October 1831-September 1833

The Collected Letters, Volume 6


TC TO MACVEY NAPIER; 26 November 1831; DOI: 10.1215/lt-18311126-TC-MN-01; CL 6:58.


4. Ampton Street, Mecklenburg Square, / 26th November 1831—

My Dear Sir,

I am busy with an Article intended for you, which I have entitled CHARACTERISTICS: it hooks itself to Hope's Book and Schlegel's,1 but has nothing essential do with either; Hope's could not be reviewed except with peals of laughter mingled with groans, and he is now in his grave; Schlegel's I left at Craigenputtoch, and cannot find a copy of here: so the Titles and some distant allusion are all I meddle with.

There are but six pages perfectly ready, the rest vague enough in my head; I am in the aphoristic style, and need an incessant watchfulness to keep from being abstruse. Tho' I think, from twenty to twenty-five pages will hold what is to be said, I dare not confidently promise the Piece till about this day three weeks: then however you may calculate on it,—if you will leave me room. I do what in me lies; but am much interrupted here; all out of sorts; my harness quite strange to me, therefore my waygate [tail-race of a mill, i.e. progress] smaller. Nevertheless, I hope the thing may prove useful; above all, true, and then it cannot fail to be useful.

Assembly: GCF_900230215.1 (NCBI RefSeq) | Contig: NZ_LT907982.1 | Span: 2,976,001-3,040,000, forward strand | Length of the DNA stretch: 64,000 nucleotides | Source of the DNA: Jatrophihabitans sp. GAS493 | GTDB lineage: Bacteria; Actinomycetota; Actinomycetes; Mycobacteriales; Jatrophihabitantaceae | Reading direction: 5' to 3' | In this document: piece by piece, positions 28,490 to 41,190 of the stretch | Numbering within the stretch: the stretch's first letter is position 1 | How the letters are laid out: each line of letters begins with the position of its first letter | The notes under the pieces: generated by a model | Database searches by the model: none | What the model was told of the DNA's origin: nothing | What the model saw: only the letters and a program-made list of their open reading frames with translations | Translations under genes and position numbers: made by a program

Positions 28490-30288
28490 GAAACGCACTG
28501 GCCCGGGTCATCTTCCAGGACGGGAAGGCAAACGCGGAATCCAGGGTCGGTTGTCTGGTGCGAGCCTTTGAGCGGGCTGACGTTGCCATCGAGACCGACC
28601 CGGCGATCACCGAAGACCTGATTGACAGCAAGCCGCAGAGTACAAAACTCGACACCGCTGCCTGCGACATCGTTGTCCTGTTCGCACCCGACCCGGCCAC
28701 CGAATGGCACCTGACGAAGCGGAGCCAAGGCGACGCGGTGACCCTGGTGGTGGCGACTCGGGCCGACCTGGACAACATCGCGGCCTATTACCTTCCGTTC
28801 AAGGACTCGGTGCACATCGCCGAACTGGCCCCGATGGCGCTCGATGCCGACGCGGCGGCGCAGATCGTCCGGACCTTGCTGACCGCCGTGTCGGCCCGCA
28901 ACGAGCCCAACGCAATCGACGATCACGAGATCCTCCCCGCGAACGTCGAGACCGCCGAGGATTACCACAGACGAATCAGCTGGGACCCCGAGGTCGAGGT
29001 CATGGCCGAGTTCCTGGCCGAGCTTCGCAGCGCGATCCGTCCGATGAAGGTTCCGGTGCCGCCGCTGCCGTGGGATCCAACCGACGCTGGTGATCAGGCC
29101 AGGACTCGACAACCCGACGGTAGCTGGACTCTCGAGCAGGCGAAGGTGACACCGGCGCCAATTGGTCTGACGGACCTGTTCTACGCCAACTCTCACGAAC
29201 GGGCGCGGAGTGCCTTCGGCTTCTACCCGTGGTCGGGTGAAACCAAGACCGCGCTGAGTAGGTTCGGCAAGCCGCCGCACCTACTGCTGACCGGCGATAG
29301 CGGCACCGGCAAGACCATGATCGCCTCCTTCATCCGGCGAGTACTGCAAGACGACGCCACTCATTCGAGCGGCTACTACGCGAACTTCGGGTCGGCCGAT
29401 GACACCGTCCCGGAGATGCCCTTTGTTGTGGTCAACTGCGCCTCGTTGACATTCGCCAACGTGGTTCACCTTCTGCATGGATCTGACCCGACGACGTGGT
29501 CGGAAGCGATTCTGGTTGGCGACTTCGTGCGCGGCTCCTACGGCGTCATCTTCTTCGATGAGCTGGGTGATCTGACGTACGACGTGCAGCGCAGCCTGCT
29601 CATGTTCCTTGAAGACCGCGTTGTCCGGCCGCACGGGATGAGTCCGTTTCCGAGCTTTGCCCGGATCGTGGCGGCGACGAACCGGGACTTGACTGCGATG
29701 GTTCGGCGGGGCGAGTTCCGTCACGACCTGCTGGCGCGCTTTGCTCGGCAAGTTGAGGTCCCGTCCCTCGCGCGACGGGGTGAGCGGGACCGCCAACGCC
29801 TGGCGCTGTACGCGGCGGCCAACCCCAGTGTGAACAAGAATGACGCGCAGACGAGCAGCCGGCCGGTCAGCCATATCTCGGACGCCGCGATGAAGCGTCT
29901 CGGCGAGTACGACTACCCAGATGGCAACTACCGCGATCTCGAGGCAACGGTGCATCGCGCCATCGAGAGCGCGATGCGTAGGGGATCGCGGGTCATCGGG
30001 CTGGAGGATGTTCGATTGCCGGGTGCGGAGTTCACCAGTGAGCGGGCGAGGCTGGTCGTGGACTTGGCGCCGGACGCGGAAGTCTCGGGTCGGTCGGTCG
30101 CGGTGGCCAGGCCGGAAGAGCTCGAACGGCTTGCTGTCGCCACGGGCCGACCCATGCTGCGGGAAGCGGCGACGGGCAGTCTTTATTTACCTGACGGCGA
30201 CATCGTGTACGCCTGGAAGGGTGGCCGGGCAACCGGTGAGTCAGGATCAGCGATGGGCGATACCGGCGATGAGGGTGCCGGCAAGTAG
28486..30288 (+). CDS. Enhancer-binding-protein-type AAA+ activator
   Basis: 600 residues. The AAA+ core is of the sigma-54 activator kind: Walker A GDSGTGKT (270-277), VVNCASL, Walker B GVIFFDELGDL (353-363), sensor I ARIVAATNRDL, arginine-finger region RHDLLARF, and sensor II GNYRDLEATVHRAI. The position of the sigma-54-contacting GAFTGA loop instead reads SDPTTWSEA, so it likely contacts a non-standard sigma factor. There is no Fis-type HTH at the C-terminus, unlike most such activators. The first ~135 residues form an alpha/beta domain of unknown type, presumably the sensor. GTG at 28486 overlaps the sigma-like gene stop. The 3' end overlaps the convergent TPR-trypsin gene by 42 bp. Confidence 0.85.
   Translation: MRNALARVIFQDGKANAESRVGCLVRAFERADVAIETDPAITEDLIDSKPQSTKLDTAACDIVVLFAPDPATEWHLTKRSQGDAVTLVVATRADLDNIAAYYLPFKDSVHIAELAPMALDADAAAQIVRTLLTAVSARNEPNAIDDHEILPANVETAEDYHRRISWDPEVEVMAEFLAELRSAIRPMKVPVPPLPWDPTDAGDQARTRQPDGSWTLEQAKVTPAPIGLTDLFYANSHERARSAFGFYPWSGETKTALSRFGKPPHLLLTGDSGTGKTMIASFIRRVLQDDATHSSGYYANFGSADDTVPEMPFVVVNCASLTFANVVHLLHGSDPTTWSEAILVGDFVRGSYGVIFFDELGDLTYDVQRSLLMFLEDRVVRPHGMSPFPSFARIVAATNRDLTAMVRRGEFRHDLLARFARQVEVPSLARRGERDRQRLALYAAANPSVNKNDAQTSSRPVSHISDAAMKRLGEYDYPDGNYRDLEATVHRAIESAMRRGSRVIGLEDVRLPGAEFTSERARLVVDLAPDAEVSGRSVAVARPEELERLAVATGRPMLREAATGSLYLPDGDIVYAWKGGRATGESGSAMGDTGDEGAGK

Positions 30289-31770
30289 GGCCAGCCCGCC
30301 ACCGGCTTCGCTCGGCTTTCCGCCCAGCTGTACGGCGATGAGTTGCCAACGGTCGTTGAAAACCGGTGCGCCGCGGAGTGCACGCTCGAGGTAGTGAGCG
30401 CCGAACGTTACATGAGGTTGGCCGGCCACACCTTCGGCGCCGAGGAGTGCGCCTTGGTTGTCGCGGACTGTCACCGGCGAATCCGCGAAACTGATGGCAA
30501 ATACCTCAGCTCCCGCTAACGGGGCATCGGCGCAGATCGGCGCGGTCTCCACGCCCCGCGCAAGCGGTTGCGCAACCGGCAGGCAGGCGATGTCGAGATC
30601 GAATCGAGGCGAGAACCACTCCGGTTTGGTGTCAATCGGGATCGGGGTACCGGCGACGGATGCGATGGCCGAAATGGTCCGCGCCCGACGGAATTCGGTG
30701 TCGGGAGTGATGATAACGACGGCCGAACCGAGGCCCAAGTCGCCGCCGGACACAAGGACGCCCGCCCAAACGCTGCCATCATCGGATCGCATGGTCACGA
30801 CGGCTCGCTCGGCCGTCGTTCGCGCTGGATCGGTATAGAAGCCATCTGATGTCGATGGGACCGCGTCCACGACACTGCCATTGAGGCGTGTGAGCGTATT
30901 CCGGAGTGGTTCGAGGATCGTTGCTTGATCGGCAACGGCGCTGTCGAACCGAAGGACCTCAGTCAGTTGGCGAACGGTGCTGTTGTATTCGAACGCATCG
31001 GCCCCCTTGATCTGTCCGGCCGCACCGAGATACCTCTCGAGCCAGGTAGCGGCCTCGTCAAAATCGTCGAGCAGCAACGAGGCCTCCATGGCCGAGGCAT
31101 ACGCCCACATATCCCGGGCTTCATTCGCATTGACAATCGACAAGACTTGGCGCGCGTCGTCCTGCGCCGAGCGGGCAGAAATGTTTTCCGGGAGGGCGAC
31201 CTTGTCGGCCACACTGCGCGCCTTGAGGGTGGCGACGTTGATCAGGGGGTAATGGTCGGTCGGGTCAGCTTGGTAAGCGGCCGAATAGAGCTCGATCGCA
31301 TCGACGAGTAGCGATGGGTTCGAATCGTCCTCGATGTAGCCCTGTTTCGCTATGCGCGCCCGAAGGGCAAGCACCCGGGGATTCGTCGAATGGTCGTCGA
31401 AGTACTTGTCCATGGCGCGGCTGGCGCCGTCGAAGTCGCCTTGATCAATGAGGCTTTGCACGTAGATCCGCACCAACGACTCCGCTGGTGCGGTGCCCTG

Mr Rees sent me a hint from you the other day; to which I returned what answer I had. It seems safer to inform yourself more distinctly how the matter stands. In three weeks, then: sooner possibly, but not certainly.

All manner of perplexities have occurred in the publishing of my poor Book;2 which perplexities I could only cut asunder, not unloose: so the Ms like an unhappy Ghost still lingers on the wrong side of Styx; the Charon of Albemarle Street3 durst not risk it in his sutilis cymba [stitched-together boat];4 so it leaped ashore again. Better days are coming, and new trials will end more happily.

In great haste, I remain as ever / My Dear Sir, / Faithfully Your's /

T. Carlyle.